Two-time major winner Martin Kaymer will look to turn the loss of his full playing privileges on the PGA Tour to his advantage with his first victory on European soil for five years in the KLM Open.
Failing to qualify for the FedEx Cup play-offs meant Kaymer started just 13 events on the PGA Tour this season, two short of the minimum required for full membership.
The 30-year-old will be limited to 12 events on the US circuit next season and will not be eligible for the lucrative play-offs.
The former world No.1 admitted he had taken a “certain degree of risk” with his schedule, adding: “Unfortunately I have not been able to reach my goals on the PGA Tour for this season. I certainly accept and acknowledge the regulations of the PGA Tour.”
The good news for the European Tour is that the former US PGA and US Open champion heads a strong field at Kennemer Golf Club in Zandvoort as he looks to win the KLM Open for the second time, his previous win coming at Hilversum in 2010, a month before his last win in Europe in the Dunhill Links Championship.
“I’m incredibly relieved to come back to Europe after that long stretch in America fighting to make the FedEx Cup play-offs,” Kaymer said on Wednesday.
“At the time of course I wanted to make the play-offs, but now I’m happy that I can be back here. It’s natural that when you can play at home or near where you’re from, it’s always more comfortable, so I’m enjoying being here and I’m looking forward to it.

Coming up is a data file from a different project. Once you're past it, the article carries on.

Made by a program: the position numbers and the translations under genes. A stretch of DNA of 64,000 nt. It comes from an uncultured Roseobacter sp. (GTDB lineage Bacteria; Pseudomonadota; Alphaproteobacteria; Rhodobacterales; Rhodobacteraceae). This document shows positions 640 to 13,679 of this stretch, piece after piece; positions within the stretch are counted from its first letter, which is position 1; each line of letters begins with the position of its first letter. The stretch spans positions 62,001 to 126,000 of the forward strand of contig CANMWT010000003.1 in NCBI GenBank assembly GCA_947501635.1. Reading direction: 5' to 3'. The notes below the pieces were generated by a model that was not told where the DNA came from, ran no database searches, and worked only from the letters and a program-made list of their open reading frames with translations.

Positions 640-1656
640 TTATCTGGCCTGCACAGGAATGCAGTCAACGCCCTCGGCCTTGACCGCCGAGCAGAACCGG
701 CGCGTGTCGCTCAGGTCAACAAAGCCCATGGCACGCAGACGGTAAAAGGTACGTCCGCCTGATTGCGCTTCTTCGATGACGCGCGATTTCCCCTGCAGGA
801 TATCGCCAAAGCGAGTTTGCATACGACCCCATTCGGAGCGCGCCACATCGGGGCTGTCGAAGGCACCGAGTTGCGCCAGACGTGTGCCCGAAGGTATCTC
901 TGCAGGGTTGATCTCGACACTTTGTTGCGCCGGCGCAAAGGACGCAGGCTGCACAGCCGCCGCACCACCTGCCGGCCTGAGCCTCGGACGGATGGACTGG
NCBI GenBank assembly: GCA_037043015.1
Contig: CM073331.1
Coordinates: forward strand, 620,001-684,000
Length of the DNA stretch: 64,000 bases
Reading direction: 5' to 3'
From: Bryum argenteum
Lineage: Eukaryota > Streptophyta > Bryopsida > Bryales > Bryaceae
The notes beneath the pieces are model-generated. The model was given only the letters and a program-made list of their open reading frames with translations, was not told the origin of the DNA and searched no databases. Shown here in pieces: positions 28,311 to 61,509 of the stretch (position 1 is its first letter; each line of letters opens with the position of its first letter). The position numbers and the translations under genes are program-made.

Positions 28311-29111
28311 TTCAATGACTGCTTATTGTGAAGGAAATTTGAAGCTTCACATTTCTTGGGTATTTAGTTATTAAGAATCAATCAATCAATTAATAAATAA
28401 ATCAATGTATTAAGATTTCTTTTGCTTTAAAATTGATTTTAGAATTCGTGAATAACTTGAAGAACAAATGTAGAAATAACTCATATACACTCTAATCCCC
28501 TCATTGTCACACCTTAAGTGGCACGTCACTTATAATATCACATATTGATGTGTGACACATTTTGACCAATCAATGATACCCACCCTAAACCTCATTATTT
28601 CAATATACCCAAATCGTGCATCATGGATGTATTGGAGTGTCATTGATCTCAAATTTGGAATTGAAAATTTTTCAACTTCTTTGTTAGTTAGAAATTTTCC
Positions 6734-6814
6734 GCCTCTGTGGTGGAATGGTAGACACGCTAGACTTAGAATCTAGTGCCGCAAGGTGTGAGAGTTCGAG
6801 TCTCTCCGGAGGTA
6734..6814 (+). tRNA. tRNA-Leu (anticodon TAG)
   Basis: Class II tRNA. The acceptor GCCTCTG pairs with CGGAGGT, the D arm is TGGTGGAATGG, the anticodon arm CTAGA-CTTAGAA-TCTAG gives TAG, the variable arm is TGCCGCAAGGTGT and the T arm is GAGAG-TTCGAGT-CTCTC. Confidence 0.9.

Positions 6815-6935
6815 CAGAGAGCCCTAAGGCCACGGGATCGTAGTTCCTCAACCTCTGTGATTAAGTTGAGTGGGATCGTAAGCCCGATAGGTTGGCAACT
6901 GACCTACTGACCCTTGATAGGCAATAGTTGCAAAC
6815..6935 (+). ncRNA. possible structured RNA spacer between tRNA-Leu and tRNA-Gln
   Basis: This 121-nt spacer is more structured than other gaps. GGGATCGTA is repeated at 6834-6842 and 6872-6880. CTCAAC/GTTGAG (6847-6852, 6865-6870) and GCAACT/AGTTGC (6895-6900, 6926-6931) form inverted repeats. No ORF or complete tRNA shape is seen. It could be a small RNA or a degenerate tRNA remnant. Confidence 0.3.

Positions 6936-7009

“It’s only two and a half hours from Dusseldorf.
“It’s always nice to be able to drive to a tournament and it does make a difference having your car with you. You’re able to move around and do different stuff like drive into the city in the evening and just get away from the golf course or hotel. I’ve been playing really well since the French Open, although I haven’t won. I’ve been close to the top 10 a few times. I was in Phoenix last week to practise for this week and the rest of the year.
“It all comes down to the putting and I spent a lot of time on the putting green. It’s something I’m hoping will pay off quickly, but I’ll need to be patient.” Five-time Open champion and 2014 US Ryder Cup captain Tom Watson is also in the field in Zandvoort, the 66-year-old hoping to display his mastery of links courses on his debut in the event, which is one of only seven to have been played every season since the European Tour started in 1972.
“I’ve been asked to come and play for many, many years going back a long time, but for one reason or another I’ve never been able to, so I’m very glad to accept the invitation this year,” Watson said.
“The place is even better than I expected, and I’d heard a lot of good things about it. “
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